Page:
In my opinion, these are two of the most powerful words in the Bible: But God.
They are used most frequently by Paul and it seems as if he wants to remind us that we're not in control here. But God.
In one instance, in the book of Acts, Luke starts by quoting Peter's sermon on the Day of Pentecost. Peter reminds the Jews that they nailed Jesus to the cross, but He didn't stay dead forever. But God.
This Man, delivered over by the predetermined plan and foreknowledge of God, you nailed to a cross by the hands of godless men and put Him to death. But God raised Him up again, putting an end to the agony of death, since it was impossible for Him to be held in its power. Acts 2:23-24
But God raised Him up again! In Paul's exhortation in the synagogue at Pisidian Antioch, he delivers the same message Peter did earlier.
When they had carried out all that was written concerning Him, they took Him down from the cross and laid Him in a tombtombtomb. But God raised Him from the dead; and for many days He appeared to those who came up with Him from Galilee to Jerusalem, the very ones who are now His witnesses to the people. Acts 13:29-31
But God. Not only did God raise Jesus from the dead, but in His predestined plan He arranged for Jesus to appear to many so that they could be witnesses of His Lordship.
There's good news in these two little words: But God.
For one will hardly die for a righteous man; though perhaps for the good man someone would dare even to die. But God demonstrates His own love toward us, in that while we were yet sinners, Christ died for us. Romans 5:7-8
But God demonstrates His love for us. While others would hardly die for a righteous man, God sends His son to die while we were YET sinners. He didn't wait for us to get better, to become perfect, to quit sinning. But God!
And again! When we were dead, He made us alive together with Christ.
But God, being rich in mercy, because of His great love with which He loved us, even when we were dead in our transgressions, made us alive together with Christ (by grace you have been saved), and raised us up with Him, and seated us with Him in the heavenly places in Christ Jesus, so that in the ages to come He might show the surpassing riches of His grace in kindness toward us in Christ Jesus. Ephesians 2:3-7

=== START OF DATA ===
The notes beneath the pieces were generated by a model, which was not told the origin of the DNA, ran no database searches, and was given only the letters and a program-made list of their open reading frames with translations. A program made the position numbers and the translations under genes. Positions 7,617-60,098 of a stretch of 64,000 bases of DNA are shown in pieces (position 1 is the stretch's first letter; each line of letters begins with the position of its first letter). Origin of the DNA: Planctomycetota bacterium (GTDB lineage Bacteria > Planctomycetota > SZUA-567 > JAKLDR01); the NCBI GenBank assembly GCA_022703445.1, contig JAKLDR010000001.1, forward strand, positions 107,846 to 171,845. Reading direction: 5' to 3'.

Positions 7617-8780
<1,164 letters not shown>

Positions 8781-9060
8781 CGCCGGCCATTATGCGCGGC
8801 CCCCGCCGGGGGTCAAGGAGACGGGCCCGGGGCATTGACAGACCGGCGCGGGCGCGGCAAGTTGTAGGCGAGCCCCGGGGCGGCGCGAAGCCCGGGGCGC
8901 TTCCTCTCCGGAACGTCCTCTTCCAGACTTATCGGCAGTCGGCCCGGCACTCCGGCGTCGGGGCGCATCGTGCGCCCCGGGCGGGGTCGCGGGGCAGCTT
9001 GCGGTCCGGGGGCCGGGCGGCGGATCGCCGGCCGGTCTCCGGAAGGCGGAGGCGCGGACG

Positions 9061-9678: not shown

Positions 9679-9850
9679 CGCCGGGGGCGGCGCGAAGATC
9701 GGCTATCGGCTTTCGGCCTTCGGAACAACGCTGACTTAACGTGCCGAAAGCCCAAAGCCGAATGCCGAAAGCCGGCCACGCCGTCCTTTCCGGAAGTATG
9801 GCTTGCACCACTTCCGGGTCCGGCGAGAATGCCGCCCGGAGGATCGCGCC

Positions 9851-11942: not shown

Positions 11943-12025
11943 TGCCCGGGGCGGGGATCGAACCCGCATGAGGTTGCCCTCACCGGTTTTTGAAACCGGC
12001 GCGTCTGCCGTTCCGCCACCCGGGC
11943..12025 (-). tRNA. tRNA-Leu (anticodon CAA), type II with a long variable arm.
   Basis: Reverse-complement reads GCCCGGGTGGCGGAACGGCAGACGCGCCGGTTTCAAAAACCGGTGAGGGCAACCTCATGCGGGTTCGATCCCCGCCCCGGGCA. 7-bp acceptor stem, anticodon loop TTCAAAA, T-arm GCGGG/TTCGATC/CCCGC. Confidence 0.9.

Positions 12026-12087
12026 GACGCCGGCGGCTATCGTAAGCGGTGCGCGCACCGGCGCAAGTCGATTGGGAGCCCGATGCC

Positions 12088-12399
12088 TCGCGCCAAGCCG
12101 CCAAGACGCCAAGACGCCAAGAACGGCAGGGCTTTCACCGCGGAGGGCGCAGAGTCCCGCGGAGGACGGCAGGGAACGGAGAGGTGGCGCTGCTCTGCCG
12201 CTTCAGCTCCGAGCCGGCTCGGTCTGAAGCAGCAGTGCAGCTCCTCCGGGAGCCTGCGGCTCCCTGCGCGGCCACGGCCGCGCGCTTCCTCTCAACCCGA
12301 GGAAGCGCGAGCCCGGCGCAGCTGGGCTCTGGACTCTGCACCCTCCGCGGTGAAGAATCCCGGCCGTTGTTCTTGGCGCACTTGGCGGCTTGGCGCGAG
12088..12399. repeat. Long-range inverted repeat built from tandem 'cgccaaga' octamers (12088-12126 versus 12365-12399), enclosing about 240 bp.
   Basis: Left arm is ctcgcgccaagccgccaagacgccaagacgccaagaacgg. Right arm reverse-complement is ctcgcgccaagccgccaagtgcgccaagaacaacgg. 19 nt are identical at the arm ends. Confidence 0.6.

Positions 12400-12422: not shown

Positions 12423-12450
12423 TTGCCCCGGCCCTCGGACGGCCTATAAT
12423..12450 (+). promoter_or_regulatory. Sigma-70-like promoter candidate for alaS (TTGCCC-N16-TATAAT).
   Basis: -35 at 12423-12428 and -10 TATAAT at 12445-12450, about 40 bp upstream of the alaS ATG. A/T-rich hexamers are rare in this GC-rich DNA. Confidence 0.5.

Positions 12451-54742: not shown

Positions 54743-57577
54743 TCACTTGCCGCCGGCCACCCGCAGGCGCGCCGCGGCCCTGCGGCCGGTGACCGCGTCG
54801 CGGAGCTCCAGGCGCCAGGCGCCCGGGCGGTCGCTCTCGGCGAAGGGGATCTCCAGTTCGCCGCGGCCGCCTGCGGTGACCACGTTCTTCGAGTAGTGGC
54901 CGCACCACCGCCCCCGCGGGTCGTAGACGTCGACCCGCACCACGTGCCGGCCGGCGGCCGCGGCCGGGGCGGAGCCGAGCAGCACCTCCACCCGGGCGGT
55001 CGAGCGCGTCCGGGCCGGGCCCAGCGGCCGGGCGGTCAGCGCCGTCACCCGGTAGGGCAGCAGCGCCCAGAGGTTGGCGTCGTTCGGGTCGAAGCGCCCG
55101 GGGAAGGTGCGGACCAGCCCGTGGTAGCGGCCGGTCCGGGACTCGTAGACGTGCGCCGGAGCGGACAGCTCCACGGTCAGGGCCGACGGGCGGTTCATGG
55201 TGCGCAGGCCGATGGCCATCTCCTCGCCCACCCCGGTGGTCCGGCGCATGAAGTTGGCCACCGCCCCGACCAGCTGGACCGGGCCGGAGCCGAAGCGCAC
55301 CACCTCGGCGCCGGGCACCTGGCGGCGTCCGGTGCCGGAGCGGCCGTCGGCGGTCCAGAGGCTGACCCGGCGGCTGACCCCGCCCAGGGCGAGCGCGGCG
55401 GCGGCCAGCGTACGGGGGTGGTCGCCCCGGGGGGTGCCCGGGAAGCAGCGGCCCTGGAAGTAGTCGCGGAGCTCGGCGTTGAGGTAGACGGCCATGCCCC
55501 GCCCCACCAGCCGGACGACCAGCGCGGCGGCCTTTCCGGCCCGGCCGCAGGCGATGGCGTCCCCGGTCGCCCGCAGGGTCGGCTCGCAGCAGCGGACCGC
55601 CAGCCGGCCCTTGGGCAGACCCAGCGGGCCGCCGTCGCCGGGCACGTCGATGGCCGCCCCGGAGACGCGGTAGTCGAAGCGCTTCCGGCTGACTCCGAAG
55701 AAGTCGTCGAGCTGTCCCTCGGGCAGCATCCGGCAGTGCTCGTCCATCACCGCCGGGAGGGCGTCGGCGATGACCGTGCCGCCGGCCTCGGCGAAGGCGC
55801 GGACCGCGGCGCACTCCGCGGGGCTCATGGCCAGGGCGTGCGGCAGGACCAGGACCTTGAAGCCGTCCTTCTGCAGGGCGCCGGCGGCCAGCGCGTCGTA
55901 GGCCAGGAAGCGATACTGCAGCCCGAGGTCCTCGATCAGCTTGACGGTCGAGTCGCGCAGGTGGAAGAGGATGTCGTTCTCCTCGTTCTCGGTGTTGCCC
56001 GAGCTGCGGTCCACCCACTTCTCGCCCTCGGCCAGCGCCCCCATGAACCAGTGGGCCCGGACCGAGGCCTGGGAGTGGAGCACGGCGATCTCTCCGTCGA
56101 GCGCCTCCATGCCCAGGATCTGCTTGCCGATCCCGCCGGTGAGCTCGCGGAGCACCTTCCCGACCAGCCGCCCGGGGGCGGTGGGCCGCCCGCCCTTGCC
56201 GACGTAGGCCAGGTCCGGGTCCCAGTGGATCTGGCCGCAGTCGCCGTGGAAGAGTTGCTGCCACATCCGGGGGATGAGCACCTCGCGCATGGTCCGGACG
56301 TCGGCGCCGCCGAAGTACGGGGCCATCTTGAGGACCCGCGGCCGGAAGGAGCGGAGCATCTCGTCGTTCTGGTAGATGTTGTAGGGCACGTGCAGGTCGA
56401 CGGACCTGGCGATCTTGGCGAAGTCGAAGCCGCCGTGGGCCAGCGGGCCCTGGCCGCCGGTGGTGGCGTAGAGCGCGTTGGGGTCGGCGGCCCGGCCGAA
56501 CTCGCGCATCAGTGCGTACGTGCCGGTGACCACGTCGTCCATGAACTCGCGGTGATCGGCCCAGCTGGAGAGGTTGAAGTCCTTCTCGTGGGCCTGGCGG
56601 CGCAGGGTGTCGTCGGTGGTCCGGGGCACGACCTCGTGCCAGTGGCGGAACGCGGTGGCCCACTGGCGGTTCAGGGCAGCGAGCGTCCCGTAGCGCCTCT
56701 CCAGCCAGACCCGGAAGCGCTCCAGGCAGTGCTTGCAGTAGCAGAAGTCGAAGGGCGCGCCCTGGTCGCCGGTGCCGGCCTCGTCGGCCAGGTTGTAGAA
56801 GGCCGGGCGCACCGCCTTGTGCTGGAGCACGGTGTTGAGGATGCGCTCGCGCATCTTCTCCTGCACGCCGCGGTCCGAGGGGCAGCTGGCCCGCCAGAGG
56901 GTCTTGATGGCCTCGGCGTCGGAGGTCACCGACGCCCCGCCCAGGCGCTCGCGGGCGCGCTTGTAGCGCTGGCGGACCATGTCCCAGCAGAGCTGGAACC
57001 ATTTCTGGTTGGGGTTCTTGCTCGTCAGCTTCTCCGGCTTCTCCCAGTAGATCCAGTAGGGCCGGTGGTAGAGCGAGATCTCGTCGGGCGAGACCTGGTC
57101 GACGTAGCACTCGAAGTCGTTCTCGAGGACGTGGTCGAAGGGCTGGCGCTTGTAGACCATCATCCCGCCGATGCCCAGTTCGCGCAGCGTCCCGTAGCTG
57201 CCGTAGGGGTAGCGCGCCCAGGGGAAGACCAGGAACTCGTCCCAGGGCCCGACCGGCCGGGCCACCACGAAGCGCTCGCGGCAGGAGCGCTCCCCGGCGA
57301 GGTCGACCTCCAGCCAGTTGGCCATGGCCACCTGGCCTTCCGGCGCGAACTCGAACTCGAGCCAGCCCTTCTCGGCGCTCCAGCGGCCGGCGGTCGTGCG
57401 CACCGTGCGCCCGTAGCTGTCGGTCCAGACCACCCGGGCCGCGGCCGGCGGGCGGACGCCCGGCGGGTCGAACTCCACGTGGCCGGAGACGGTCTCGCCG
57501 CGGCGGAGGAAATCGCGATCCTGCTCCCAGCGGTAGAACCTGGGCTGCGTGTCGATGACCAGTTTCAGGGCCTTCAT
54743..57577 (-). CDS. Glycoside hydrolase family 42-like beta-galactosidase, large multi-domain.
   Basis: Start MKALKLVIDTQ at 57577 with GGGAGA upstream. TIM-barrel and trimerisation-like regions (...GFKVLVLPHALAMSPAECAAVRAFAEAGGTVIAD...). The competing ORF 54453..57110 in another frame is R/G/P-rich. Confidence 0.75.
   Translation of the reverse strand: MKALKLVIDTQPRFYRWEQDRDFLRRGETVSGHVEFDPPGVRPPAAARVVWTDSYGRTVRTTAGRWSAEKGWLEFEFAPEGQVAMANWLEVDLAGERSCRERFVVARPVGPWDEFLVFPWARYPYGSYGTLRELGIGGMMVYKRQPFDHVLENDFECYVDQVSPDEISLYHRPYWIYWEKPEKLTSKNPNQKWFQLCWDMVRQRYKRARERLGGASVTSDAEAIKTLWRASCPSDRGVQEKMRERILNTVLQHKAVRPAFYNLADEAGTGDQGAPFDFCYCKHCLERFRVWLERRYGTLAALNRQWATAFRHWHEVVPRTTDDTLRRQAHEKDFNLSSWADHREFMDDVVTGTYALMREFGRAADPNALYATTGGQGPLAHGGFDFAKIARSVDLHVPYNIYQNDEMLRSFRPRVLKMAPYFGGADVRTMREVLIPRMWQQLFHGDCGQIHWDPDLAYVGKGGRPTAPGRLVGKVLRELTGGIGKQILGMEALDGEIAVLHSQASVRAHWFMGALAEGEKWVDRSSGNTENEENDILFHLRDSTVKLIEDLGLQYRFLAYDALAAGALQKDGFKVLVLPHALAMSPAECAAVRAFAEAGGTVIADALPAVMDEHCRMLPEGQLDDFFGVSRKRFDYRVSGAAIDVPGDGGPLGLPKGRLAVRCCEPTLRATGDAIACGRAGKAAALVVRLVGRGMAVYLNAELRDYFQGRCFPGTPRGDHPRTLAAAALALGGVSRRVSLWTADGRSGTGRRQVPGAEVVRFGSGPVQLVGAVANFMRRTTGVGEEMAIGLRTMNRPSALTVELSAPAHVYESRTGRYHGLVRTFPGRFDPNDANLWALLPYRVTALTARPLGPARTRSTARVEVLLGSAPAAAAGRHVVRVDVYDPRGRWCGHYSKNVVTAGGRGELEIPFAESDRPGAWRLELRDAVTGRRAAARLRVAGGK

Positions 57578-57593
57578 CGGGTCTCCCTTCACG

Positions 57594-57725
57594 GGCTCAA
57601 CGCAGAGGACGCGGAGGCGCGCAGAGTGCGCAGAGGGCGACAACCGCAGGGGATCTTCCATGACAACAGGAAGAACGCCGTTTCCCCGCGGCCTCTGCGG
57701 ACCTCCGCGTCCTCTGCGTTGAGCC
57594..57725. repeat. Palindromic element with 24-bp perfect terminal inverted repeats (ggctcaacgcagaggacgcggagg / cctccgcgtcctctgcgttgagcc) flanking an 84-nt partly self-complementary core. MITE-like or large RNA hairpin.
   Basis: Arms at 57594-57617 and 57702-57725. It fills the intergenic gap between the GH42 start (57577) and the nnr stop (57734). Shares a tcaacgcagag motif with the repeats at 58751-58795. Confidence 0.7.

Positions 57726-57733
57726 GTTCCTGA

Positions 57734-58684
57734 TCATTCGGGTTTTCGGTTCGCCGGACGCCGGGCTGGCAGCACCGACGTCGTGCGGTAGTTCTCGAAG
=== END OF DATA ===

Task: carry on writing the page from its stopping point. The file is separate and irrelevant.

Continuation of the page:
But God, whose very character is RICH in mercy, and because He loves us, even while we were yet sinners, did all of this:
1) made us alive with Christ
2) saved us by grace
3) raised us up with Christ
4) seated us with Christ in the heavenly places
and why? So that in the future He might show us the surpassing riches of His grace in kindness toward us! This list is absolutely overwhelming. But God.
This "But God" phenomenon isn't limited to the most amazing gift that He's given us: Jesus Christ. It works itself out in daily life, in big and small ways. I can think of so many instances in my own life that I thought things were going one way and then, "But God." His ways are higher than my ways, and He intervenes at just the right time. He shows me where my plans are not according to His plan, and He sets me on a straight path.
I am so thankful for these "But God" moments. I am so thankful for a heavenly Father who knows me, loves me, and works things together for my good and His glory.
The Lord is Rich and Merciful
Words by Thomas Lynch
The Lord is rich and merciful,
The Lord is very kind;
O come to Him, come now to Him,
With a believing mind!
His comforts, they shall strengthen thee,
Like flowing waters cool;
And He shall for thy spirit be
A fountain ever full.
The Lord is glorious and strong
Our God is very high;
O trust in Him, trust now in Him,
And have security;
He shall be to thee like the sea,
And thou shalt surely feel
His wind, that bloweth healthily
Thy sicknesses to heal.
The Lord is wonderful and wise,
As all the ages tell;
O learn of Him, learn now of Him,
Then with thee it is well;
And with His light thou shalt be blest,
Therein to work and live;
And He shall be to thee a rest
When evening hours arrive.